Elon Musk Warns: Bank Crisis Echoes 1929 Stock Crash

Elon Musk, CEO of Twitter, said that the present financial crisis in the United States is comparable to the 1929 stock market disaster. Musk’s post came in response to Cathie Wood, the founder, and CEO of ARK Invest, who discussed the current banking crisis, accusing authorities of disregarding conventional banking institutions in favor of the decentralized financial sector.

Crypto unfazed amid chaos

Although increased uncertainty threatens their centralized rivals, BTC, ETH, and other crypto networks have been unaffected by the instability, according to Wood. She pointed out that even unsettled stablecoins fell prey to the unchecked financial institution authorities’ failure to protect them.

Wood said the government agencies needed to improve because they focused on the wrong things. She said that authorities should have been concerned more with the centralized and opaque points of failure lurking in the old financial system rather than trying to shut down decentralized, transparent, open-to-scrutiny, and well-functioning economic systems.

Wood remarked that policymakers should have concentrated on the impending banking system crisis, characterized by liability and asset term anomalies, with short rates jumping 19-fold in less than a year. According to her, deposits in the banking industry were decreasing annually for the first time since the 1920s.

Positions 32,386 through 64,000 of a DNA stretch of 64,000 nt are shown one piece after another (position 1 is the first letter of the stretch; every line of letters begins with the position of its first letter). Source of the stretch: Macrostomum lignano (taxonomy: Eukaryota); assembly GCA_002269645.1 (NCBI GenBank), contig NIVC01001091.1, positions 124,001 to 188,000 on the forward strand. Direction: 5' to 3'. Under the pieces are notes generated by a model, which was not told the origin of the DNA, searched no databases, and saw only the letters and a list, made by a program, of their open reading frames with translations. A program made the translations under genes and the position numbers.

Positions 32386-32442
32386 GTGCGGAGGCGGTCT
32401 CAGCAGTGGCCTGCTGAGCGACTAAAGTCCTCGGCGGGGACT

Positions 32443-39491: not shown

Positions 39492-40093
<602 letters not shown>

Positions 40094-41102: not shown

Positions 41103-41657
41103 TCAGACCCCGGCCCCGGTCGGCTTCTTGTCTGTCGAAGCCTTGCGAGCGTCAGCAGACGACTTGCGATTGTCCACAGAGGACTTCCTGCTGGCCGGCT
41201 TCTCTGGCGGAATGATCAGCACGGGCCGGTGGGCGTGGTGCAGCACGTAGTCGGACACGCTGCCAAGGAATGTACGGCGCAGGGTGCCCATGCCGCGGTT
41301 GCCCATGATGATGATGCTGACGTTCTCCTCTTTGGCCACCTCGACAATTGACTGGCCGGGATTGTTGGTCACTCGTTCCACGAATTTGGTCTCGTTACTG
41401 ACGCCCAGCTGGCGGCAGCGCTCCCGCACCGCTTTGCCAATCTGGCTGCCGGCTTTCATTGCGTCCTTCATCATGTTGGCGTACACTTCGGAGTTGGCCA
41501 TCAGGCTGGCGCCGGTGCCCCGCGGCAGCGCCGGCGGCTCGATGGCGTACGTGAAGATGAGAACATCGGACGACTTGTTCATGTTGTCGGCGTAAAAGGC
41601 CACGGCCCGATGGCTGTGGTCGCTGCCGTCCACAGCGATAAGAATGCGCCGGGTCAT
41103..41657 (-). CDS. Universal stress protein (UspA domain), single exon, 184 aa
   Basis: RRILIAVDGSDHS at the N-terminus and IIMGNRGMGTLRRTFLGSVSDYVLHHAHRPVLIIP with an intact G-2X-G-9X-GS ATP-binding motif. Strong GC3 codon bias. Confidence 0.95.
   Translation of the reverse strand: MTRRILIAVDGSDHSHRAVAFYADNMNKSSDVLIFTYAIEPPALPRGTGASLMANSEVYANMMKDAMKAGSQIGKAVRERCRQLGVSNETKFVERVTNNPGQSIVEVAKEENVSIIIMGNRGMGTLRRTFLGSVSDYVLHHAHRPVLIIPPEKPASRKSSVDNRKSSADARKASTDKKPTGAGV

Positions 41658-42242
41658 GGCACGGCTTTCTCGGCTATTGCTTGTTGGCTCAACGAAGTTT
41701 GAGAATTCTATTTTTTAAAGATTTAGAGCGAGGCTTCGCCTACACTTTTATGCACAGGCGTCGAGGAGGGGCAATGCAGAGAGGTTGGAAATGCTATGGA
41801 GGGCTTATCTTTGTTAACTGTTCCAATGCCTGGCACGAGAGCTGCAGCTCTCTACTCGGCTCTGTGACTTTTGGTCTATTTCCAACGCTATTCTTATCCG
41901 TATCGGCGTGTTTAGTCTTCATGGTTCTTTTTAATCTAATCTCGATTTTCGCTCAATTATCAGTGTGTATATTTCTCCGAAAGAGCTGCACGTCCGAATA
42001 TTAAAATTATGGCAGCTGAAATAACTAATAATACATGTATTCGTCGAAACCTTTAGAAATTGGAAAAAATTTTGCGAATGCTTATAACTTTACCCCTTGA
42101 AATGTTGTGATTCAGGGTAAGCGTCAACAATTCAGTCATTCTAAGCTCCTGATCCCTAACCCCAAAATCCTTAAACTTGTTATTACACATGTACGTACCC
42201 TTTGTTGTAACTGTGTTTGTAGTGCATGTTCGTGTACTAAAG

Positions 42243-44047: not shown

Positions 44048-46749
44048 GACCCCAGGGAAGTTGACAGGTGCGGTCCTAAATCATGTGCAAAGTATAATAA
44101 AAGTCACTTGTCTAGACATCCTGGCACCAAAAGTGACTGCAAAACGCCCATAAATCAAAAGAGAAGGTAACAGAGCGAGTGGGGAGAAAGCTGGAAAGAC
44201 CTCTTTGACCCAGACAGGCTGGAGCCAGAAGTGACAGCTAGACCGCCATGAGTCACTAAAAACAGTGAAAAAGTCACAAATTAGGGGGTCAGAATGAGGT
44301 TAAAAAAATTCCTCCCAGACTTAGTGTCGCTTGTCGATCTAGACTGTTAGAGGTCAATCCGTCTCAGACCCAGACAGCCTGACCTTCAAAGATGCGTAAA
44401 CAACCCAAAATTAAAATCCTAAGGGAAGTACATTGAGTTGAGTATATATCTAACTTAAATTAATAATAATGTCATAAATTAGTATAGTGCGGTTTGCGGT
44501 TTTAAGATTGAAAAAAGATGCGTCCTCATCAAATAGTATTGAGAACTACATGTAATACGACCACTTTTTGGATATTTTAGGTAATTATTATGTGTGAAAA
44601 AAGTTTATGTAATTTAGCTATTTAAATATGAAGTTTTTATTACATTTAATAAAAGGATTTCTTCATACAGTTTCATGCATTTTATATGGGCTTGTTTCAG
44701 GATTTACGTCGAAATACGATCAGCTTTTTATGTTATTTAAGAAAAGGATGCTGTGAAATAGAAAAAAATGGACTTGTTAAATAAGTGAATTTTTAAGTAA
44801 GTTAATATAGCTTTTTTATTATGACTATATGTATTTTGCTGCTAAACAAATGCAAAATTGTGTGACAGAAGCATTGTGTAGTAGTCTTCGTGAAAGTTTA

Musk echoes Wood’s Crash Prediction

Musk agreed with Wood’s assessment, comparing the present situation to the 1929 stock market collapse, which prepared the way for the Economic Crisis.

Before the significant Recession, a public utility holding companies were criticized for “shady” activity, causing Congress to implement several government limitations to restore market stability. According to Wood, under the current administration, the Fed overlooked the problem and did nothing to prevent a wave of bank failures.

This time, officials are seen taking measures to control the situation. The Federal Reserve, Treasury Department, and FDIC have all announced strategies to protect depositors from the current crisis. Yet, there needs to be more clarity on how the problem will be handled since investors remain optimistic about the future of their investments.

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